Oct 04, 2015

Can Plants Help Indoor Air Quality? Featured

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a plant in an earthy potThe U.S. Environmental Protection Agency (EPA) states that levels of indoor air pollutants can be 2-5 times, and occasionally more than 100 times, higher than outdoor levels. So what do you do if you think your home or business may be causing Sick Building Syndrome (SBS)? If there is a possibility that SBS is present, the first step would be to bring in a building specialist to conduct a professional investigation.



Ensure Proper Building Systems


The building may not be operating in accordance to its original design. The HVAC or ventilation system may not be performing as it was intended. Adequate ventilation and air exchange rates are significant factors in the health and comfort of occupants. If the symptoms are seasonal, the heating or cooling system may be the culprit. Combustion products like carbon monoxide may be creating the indoor air pollution. Understanding that systems work interdependently, even a minor adjustment or alteration affecting one system could conversely affect the efficiency of other systems. The general maintenance or occupant activities may also be the cause of indoor air problems.


Air Pollutants and Contaminants


An evaluation of irritants, pollutants and even the humidity level may determine if, alone or in combination, these factors are contributing to or exacerbating the indoor air quality problems. A professional will likely discover that indoor chemical contaminants may be emitting toxic compounds such as volatile organic compounds (VOCs). Additionally, biological contaminants such as molds or pollen may also be collecting in ducts, ceiling tiles or carpeting.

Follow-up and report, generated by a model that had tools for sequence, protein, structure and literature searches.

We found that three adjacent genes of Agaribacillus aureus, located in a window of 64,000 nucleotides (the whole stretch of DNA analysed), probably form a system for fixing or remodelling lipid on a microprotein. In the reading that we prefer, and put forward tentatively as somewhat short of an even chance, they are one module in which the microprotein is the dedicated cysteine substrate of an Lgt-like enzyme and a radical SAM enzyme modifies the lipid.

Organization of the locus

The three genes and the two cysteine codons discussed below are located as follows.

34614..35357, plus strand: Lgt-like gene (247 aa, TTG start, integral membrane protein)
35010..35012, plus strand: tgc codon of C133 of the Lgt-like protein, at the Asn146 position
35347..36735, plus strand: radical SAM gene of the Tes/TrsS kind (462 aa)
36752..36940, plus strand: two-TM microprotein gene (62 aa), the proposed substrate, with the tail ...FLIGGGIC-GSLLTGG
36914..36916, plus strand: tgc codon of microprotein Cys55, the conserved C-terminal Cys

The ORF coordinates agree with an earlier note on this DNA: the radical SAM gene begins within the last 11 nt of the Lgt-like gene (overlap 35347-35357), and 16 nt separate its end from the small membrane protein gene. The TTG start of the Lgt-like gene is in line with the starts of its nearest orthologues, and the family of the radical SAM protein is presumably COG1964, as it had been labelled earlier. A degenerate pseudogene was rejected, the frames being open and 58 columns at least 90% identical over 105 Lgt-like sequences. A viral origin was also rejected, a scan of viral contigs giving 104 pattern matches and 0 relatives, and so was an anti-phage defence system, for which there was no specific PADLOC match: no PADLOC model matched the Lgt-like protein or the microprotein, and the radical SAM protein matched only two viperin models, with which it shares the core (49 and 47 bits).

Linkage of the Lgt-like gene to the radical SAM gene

Benefits of Plants


Once the source of the indoor air pollution has been identified and contained, the addition of indoor plants to the office or home could prove beneficial in the prevention of sick building syndrome. Through a 2-year study, National Aeronautics and Space Administration (NASA) and the Associated Landscape Contractors of America (ALCA) concluded that these living air purifiers could aid not only in absorbing harmful pollutants, but also in cleaning indoor air. Living plants were found to be an efficient means of indoor air purification and removal of VOCs in test chambers. Through their leaves, roots and soil bacteria, the plants showed a natural way to improve the indoor air quality.


The study reported the Philodendron, Spider plant and the Golden Pothos as the most effective formaldehyde removers. The Gerbera Daisy and Chrysanthemum were said to be the highest benzene removers. Combined with research suggesting that plants play a psychological role in welfare and illness recovery, adding a little greenery to the home or office could prove more than just pleasing to the eye.



  • Comment Link Evelyn Saturday, 26 February 2011 09:17 posted by Evelyn

    Some argue that a house in not the same as test chambers, so these findings are not conclusive. But, plants were not only studied in NASA conditions, they were also studied in hospitals. And once again they had a favorable outcome. They've shown positive effects on patient's health. Apparently sick people get better with plants in the room. Maybe it just makes them feel better to know that someone cares about them (which some would argue could be done with cut flowers or balloons). But either way, plants are a great way to bring life into any living condition.

  • Comment Link Alex Saxon Wednesday, 06 April 2011 09:42 posted by Alex Saxon

    Anyone who says that plants cannot improve air quality has never been in a forest. Can you tell me that the air quality is better among trees and plants? Of course not. Whenever people get out of the city and go into the country surrounded by nature they always say that the air is so fresh and clean. Case closed.

  • Comment Link Ken KK Saturday, 03 March 2012 09:47 posted by Ken KK

    Plants need light to carry out photosynthesis thereby using up CO2 and releasing Oxygen.Unless we have adequate natural sunlight in the room through skylight openings in the roof or reflectors plants placed indoors cannot function optimally.

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